Southern Railway

Southern Railway passenger train

Southern Railway was formed in 1894 as successor to the Richmond & West Point Terminal Railway & Warehouse Company, a holding company which owned or controlled several rail lines in the South, including the Richmond & Danville Railroad, the East Tennessee, Virginia & Georgia Railway, the Georgia Southern & Florida Railroad, and the Alabama Great Southern Railroad.

In 1895, Southern bought the 105-mile Atlanta & Florida Railway.

In 1896, Southern leased the 100-mile Georgia Midland Railway.

Southern Railway gained control of the South Carolina & Georgia and the Augusta Southern in 1899. (The Augusta Southern was sold to the Georgia & Florida in 1917.)

Consolidation-type freight hauler built for Southern by Brooks Locomotive Works in 1896.

Southern acquired the Central of Georgia Railway and the Georgia & Florida in 1963. (The G&F was merged into the Central in 1971.)Southern Ry logo

In 1966, Southern acquired the Georgia Northern and the Albany & Northern.

In 1971, Southern purchased the Tennessee, Alabama, & Georgia Railway.

Also in 1971, Southern merged its South Georgia Railway and Live Oak, Perry & Gulf Railroad to form the Live Oak, Perry & South Georgia Railway, running from Adel, Georgia to Perry, Florida.

In 1972, Southern merged the Albany & Northern, the Georgia, Ashburn, Sylvester, & Camilla, and the Georgia Northern into a single subsidiary.

In 1980, Southern and Norfolk & Western announced an agreement to merge into a combined system encompassing over 17,000 miles of track. On June 1, 1982, the merger was completed and the Norfolk Southern Railway was born.

Baldwin ten-wheeler built for Southern in the early 1900s.

Southern's Palm Limited passenger train. (From: Railway & Locomotive Engineering, June 1906).

• Roswell - Chamblee (former Roswell Railroad) abandoned 1923.
• Villa Rica branch abandoned 1925.
• Roseland (Atlanta) - Williamson (former Atlanta & Florida) abandoned 1939.
• Coosa (Rome) - Alabama (former Rome & Decatur) abandoned 1948.
• Cornelia - Franklin, NC (former Tallulah Falls) abandoned 1961.
• Albany - Cordele (former Albany & Northern) abandoned 1977.
• Williamson - Roberta (former Atlanta & Florida) abandoned 1977.
• McDonough - Griffin (former Georgia Midland & Gulf) abandoned 1979.
• Greenville - Raymond (former Central of Georgia) abandoned 1981.
• Chambers/Silver Creek - Relay (former CofG south of Rome) abandoned 1981.

For later abandonments, see Norfolk Southern. See also subsidiary railroads such as Georgia & Florida, Georgia Northern, and Central of Georgia.

Two Southern Railway lines once crossed at Williamson, a small town southwest of Griffin. One connected Atlanta and Fort Valley and the other linked Columbus and McDonough. Both are now gone.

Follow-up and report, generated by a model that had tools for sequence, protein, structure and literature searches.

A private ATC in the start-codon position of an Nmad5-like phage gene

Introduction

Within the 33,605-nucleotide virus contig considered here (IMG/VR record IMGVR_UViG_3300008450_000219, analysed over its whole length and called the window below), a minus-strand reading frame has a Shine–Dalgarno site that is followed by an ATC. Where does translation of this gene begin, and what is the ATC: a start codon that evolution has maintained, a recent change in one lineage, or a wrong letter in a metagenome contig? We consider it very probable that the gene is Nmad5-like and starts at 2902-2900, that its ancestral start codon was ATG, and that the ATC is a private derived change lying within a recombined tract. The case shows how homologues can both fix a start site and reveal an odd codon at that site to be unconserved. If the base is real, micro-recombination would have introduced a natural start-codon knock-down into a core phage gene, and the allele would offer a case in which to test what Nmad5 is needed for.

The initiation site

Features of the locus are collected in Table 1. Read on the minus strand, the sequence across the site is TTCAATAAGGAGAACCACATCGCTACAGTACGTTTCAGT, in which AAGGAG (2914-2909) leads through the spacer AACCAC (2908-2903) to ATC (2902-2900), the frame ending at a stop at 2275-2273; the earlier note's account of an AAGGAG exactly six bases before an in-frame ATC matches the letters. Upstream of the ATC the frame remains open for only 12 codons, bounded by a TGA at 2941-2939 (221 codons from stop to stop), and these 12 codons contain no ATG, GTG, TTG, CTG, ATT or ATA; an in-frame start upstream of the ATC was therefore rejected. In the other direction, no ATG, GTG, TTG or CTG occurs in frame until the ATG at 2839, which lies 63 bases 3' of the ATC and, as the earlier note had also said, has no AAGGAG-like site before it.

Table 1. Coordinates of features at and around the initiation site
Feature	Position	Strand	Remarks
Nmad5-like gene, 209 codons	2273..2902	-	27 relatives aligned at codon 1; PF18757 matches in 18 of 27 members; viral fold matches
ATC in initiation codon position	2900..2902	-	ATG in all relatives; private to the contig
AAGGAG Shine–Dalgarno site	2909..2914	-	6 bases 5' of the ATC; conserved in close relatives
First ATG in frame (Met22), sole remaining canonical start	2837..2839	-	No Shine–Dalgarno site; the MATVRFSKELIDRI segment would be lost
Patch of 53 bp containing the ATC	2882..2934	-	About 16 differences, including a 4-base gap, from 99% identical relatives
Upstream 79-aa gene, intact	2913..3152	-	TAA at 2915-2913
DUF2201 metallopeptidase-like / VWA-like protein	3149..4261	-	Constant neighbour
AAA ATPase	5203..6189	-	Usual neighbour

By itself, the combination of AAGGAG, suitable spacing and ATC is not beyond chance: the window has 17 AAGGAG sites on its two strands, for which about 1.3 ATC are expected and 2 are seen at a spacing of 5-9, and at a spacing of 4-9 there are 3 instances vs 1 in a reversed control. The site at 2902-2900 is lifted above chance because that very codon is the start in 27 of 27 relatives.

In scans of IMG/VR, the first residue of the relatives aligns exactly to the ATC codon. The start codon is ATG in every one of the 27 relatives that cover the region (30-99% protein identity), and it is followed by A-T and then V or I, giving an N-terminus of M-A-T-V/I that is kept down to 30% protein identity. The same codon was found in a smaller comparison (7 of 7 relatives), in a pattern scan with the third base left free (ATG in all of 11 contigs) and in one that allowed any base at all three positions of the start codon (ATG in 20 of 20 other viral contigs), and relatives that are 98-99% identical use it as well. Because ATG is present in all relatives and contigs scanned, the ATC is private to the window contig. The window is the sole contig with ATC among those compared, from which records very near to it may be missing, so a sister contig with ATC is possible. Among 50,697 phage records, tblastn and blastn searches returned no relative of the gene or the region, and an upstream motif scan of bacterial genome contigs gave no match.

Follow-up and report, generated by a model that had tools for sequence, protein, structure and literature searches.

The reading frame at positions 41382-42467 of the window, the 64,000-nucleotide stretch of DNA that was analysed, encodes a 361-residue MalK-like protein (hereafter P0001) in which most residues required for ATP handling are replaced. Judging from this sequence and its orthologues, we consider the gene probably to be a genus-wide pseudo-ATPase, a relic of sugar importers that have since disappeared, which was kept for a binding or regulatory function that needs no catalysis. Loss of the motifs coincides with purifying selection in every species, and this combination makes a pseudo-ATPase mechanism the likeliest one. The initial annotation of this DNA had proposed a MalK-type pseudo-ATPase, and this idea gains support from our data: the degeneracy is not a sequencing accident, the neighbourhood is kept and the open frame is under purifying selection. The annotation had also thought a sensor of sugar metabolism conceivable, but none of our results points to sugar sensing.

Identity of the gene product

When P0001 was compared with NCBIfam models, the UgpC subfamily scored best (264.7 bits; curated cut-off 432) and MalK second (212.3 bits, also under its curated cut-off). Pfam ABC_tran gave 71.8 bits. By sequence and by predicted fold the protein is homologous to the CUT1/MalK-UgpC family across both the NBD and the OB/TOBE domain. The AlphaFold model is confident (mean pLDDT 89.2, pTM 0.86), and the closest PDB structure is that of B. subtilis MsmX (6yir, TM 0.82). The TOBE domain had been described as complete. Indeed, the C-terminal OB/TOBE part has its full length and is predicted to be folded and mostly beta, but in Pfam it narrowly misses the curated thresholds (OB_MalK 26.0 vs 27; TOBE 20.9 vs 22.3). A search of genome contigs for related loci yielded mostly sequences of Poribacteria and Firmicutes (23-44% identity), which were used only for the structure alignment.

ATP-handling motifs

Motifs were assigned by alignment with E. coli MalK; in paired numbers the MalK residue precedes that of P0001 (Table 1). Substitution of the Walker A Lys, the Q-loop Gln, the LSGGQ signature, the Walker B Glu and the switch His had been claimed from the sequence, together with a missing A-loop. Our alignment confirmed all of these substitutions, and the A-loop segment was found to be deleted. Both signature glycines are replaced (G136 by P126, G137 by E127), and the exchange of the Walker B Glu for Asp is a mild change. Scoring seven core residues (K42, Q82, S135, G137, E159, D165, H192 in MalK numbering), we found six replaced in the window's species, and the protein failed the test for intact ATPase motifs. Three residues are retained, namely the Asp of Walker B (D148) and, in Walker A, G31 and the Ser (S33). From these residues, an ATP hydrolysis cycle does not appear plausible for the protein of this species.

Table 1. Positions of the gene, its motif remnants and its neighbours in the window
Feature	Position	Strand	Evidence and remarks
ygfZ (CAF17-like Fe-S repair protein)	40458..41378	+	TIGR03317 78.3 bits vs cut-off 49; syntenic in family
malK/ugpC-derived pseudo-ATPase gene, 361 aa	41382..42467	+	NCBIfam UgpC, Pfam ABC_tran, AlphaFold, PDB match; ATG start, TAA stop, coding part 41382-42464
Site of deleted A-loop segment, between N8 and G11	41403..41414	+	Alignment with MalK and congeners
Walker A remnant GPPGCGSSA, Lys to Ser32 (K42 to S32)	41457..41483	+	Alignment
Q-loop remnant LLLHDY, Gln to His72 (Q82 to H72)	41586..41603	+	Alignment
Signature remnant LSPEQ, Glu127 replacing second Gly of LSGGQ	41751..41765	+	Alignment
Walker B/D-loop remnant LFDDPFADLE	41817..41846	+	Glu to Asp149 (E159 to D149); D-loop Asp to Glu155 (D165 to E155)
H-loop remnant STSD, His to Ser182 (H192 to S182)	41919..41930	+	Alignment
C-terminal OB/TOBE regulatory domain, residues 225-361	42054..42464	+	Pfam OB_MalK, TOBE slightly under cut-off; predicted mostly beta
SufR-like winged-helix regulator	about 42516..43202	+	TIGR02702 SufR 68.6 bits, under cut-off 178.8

Maps and Timetables:

1895 timetables

Atlanta and Birmingham

Atlanta and Brunswick

Atlanta and Charlotte

Atlanta and Fort Valley

Chamblee and Roswell




Toccoa and Elberton

Cochran and Hawkinsville

1895 map

1897 map at Library of Congress

1901 map at North Carolina Maps

1916 map

1917 map

1917 timetables





Atlanta-Fort Valley







1922 map at North Carolina Maps

1927 map (700K)

1929 map at North Carolina Maps

1944 map (102K)

1909 & 1947 maps at University of Alabama Map Library

1953 map, Cochran - Hawkinsville (281K)

1955 map, Columbus - Warm Springs (516K)

1953-55 map, Warm Springs - Griffin (667K)

1953 map, Griffin - McDonough (268K)

1968-70 map, Rome - Piedmont, AL (675K)

Baldwin mallet articulated compound engine built around 1911 for Southern. (From: Railway & Locomotive Engineering, June 1911.)

Equipment summary from The Official Railway Equipment Register, Volume 33. October, 1917. Complete publication is online at Google Books.

Best Friend of Charleston replica

In 1928, Southern built a replica of the Best Friend of Charleston and exhibited it in various parts of its rail system. Here it is in Tallapoosa. The Best Friend was the first locomotive of the South Carolina Canal & Rail Road Company, which was Southern's earliest predecessor.

Southern Railway's replica of the locomotive Best Friend of Charleston

This photo shows the front of the train. (From: Smith Hempstone Oliver, The First Quarter-Century of Steam Locomotives in North America, United States National Museum Bulletin 210, Smithsonian Institution, Washington, D.C., 1956, p. 30. Online at Internet Archive here.)


Suggested Reading:

Burke Davis. The Southern Railway; Road of the Innovators. Chapel Hill: University of North Carolina Press, 1985.

Fairfax Harrison. A History of the Legal Development of the Railroad System of Southern Railway Company. Washington, D.C., 1901. Online at Google Books.

Maury Klein. The Great Richmond Terminal; A Study in Businessmen and Business Strategy. Charlottesville: University Press of Virginia, 1970.

Sallie Loy, Dick Hillman, and C. Pat Cates. The Southern Railway. (Images of America series). Charleston, SC: Arcadia Publishing, 2004.

Sallie Loy, Dick Hillman, and C. Pat Cates. The Southern Railway: Further Recollections. (Images of Rail series). Charleston, SC: Arcadia Publishing, 2005.

Tom Murray. Southern Railway. (MBI Railroad Color History). Osceola, WI: Voyageur Press, 2007.


Southern Railway in Georgia -- "family tree"

More info at Southern Railway Historical Association

Vintage photos of the Southern at

Southern R.R. Co. Crescent Locomotive in 1916. (Cropped photograph; complete photograph is online at Library of Congress here.)

Southern No. 6901 at the Southeastern Railway Museum in Duluth, GA.

Southern passenger car at the Southeastern Railway Museum. Georgia's Railroad History & Heritage. © Steve Storey

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